Most people living in large cities have to make do with a small balcony. Even in the suburbs gardens are limited, but it is not difficult to have an acre or more if you live in a country village. This means the children have room to make cubbies, and to own pets. It gives you the opportunity to grow the plants you love.  And country houses tend to sprawl, offering room for extra activities in doors too.
Our House in Myrina

Our Greek Garden

Less Crowded Shopping

You usually don’t have to wait long to be attended to (except in those mid summer ‘tourist months’). Your doctor, teacher, shopkeeper will have time to joke, to ask how your husband it doing. In Lemnos in particular we’ve found that we pick up the local news when we visit the green grocer, butcher or supermarket.
Shopping in Myrina

Greater interaction with neigbours

Though there are ‘village’ groupings in cities in the country more is likely to be required from you by your village friends, this is because they are more than just a ‘church’ or ‘fitness’ acquaintance, they are your neighbours and you’ll meet at many different functions. In the city fitness friends tend to be met only the fitness studio.

Meeting Neighbours at an Event in Emerald

Out for a Meal with Neighbours in Myrina

More Opportunity to Walk

Transport can be one of the drawbacks of living in a village. There may be public transport but you may need your car to get to the bus stop or railway station. Or you will find the streets too narrow for a car. Plus, if you need to work in the city and wish to live in the country commuting can be expensive . But as far as I'm concerned I love the opportunity to walk to the shops.

A Slower Pace of Life

You do not rush into a store with your money ready expecting to rush quickly out again with your purchase. Folk expect you to offer more than a quick greeting in a village store they often want some news too. And probably because the store is not within close walking distance it may take ten minutes to get there by car. A city dweller might not like it but I love the walk that shopping in villages entails.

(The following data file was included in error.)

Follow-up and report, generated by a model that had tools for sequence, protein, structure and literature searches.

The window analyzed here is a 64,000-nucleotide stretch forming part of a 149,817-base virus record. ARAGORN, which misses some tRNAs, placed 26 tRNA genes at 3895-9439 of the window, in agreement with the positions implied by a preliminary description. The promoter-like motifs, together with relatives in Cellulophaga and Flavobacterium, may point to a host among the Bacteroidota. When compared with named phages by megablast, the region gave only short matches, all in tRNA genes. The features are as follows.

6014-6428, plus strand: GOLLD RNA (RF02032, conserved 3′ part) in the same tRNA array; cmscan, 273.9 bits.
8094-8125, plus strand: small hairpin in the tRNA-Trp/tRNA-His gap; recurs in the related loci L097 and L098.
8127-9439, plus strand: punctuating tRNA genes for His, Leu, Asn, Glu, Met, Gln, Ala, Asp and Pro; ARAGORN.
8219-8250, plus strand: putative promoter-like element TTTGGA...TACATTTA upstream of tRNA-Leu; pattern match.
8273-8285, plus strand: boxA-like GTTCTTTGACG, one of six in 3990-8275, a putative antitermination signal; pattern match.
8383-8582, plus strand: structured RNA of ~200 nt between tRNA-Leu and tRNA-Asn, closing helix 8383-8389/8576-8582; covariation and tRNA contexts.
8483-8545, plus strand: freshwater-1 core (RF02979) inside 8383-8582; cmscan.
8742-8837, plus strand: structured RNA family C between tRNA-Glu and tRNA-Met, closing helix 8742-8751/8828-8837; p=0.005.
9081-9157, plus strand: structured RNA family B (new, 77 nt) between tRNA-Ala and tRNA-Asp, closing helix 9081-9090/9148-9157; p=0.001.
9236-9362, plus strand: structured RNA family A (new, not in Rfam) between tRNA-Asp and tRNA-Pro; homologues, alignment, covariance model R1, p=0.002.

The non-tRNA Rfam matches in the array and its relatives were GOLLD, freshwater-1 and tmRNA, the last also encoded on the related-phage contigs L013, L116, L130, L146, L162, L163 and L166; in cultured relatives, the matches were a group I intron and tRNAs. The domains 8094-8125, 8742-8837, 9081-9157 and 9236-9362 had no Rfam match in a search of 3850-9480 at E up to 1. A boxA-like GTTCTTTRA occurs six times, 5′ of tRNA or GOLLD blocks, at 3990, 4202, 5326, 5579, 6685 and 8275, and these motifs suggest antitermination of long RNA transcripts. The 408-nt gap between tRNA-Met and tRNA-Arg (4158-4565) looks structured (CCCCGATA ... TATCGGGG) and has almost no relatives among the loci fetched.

Coffee shop in Emerald
Coffee shop in Myrina

There will be small cafes and restaurants and townies sometimes like to experience the small country eateries, but there may not be as many and the coffee may not be as expertly brewed. But you will probably be in charmingly different surroundings and it may also be cheaper, though nowadays not necessarily!
Takis and I at a taverna in the center of Myrina

‘There you'll find the place I love most in the world. The place where I grew thin from dreaming. My village, rising from the plain. Shaded with trees and leaves like a piggy bank filled with memories. You'll see why a person would want to live there forever. Dawn, morning, mid-day, night: all the same, except for the changes in the air. The air changes the color of things there. And life whirs by as quiet as a murmur...the pure murmuring of life.’ 

Juan Rulfo,   Pedro Paramo